Take the 2-minute tour ×
Stack Overflow is a question and answer site for professional and enthusiast programmers. It's 100% free, no registration required.

We are using a pub-sub model in our WCF application that pretty much follows the Microsoft sample: Design Patterns: List-Based Publish-Subscribe.

Whilst the service provides a notion of subscribe() and unsubscribe(), what is the best practice to handle the cleanup in the situation when a client dies or the channel faults? Currently, when a client subscribes I attach to handlers to the current InstanceContext's Closed and Faulted events (the service users an PerSession instance context mode and netTcpBinding):

_communicationObject = OperationContext.Current.InstanceContext;
_communicationObject.Closed += OnClientLost;
_communicationObject.Faulted += OnClientLost;

The OnClientLost handler simply unsubscribes the client, however:

  1. Is the above a good practice and alone robust enough to catch all situations when a client drops off the duplex communication? Or should the service just handle exceptions encountered at the point it attempts to communicate with the client and handle cleanup then?
  2. Aside from just unsubscribing the client call back handler, should any further cleanup be performed especially in the case of a fault?

This question poses a similar question but ultimately does not provide answers to the cases outside of the client calling subscribe and/or unsubscribe

Thanks

share|improve this question

3 Answers 3

up vote 5 down vote accepted
+50

I did some testing where I attached handlers to the Closed and Faulted events of the callback channel, then killed the client at the point just before the callback would be invoked by the server. On each trial, the Closed/Faulted event was fired instantaneously and before the server attempted to invoke the callback. All the same, I still have the callback invocation wrapped in a try-catch block because the destruction of the client channel could occur just as another thread was entering the callback.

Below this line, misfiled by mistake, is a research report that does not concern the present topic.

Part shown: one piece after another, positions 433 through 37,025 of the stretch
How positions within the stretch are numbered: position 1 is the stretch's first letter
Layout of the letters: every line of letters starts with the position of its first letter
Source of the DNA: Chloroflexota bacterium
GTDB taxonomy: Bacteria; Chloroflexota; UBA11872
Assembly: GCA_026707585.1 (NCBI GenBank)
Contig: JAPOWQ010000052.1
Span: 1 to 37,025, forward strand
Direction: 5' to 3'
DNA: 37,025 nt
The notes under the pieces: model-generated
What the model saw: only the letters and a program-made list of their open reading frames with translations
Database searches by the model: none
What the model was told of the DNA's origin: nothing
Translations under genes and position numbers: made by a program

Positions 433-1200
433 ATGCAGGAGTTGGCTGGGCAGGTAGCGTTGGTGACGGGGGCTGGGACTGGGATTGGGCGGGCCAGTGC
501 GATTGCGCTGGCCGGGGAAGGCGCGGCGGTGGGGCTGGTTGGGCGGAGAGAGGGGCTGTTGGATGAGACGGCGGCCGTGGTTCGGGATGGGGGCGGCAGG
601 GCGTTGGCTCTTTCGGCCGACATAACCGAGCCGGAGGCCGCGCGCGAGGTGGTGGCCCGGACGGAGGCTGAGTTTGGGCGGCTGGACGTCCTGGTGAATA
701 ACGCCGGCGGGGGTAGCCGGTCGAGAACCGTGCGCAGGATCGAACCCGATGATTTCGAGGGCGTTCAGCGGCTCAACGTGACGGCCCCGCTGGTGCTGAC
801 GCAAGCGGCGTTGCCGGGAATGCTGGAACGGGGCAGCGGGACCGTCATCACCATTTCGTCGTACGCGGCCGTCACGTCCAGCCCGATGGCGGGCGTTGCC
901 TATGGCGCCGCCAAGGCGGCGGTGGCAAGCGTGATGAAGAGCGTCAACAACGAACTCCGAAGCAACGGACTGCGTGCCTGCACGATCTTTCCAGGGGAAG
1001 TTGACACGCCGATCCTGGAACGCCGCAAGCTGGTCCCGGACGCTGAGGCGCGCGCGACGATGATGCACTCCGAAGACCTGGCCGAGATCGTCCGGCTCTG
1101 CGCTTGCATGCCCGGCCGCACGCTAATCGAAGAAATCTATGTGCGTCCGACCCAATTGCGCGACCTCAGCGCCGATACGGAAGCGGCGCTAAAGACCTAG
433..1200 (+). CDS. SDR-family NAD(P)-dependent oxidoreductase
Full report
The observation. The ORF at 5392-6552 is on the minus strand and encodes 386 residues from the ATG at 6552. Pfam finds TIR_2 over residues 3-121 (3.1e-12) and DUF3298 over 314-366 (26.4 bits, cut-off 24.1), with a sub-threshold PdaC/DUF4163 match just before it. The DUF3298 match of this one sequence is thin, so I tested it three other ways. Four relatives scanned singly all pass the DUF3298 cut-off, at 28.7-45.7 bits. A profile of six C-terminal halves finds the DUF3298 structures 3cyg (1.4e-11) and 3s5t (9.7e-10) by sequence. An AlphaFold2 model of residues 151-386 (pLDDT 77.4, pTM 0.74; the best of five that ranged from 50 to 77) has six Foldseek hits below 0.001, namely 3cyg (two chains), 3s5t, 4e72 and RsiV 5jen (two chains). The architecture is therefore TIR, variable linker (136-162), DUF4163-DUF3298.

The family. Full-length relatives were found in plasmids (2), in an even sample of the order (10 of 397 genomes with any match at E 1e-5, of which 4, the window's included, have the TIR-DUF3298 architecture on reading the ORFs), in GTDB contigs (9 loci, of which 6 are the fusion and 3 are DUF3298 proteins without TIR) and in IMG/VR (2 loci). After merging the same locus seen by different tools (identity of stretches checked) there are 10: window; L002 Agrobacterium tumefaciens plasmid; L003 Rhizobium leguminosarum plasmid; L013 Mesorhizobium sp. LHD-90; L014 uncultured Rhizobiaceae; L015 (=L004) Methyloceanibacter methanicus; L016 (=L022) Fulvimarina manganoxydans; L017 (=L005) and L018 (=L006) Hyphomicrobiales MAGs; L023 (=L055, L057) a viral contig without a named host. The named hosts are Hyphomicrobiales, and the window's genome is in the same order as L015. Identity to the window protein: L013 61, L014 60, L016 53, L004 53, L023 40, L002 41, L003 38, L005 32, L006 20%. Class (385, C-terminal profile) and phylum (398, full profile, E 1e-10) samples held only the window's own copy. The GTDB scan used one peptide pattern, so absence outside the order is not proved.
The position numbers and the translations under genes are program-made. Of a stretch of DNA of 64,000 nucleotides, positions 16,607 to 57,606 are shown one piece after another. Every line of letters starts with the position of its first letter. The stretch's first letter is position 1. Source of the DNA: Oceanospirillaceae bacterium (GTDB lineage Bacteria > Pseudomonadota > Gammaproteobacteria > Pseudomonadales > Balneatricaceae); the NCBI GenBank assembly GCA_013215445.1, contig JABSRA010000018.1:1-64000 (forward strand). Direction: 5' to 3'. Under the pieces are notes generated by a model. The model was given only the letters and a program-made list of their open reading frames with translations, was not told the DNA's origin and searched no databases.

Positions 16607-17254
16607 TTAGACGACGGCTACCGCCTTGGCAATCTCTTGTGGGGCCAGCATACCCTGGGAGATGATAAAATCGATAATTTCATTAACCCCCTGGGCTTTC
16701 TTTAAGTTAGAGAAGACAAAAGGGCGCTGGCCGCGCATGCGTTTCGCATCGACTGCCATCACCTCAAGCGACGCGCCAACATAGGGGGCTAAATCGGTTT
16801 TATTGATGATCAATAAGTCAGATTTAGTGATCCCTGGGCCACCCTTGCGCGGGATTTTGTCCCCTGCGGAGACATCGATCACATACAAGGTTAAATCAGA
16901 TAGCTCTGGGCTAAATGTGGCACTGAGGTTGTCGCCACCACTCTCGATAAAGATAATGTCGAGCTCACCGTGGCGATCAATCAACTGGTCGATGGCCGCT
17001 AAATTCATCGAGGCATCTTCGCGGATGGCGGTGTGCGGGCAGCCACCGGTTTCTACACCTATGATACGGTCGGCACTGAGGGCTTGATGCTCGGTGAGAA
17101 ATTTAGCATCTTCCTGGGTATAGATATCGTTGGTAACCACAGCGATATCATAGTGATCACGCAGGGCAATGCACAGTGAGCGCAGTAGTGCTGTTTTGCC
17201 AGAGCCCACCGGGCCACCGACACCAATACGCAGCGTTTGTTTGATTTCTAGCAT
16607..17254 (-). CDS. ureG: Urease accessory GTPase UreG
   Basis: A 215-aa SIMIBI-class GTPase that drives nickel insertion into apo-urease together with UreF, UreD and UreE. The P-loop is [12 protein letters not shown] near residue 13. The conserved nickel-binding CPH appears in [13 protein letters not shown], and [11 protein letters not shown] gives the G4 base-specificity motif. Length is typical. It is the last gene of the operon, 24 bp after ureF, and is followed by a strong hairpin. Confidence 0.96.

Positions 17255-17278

The only clean-up necessary was to remove the reference to the callback channel. WCF and the garbage-collector do the rest.

share|improve this answer

Handling those events will keep your list of subscribers synchronized. It is indeed robust enough. Just remember that if a client drops during a transmission of a message, you might get an exception before those events fire, so be ready to ignore them so that the events can clean up.

Except for removing the client from he subscribers list, additional cleanup depends entirely on your application (i.e. freeing resources you acquired when the client connected). I am not aware of any other cleanup that is required.

share|improve this answer

Your input channel is destroy wu thread. I suggest you to setup Microsoft Service Trace Viewer in order to show our differents network steps and follow your message and sockets, end to end tracing message.

You have this problem :

System.ServiceModel.CommunicationObjectAbortedException, System.ServiceModel, Version=4.0.0.0, Culture=neutral

share|improve this answer

Your Answer

 
discard

By posting your answer, you agree to the privacy policy and terms of service.

Not the answer you're looking for? Browse other questions tagged or ask your own question.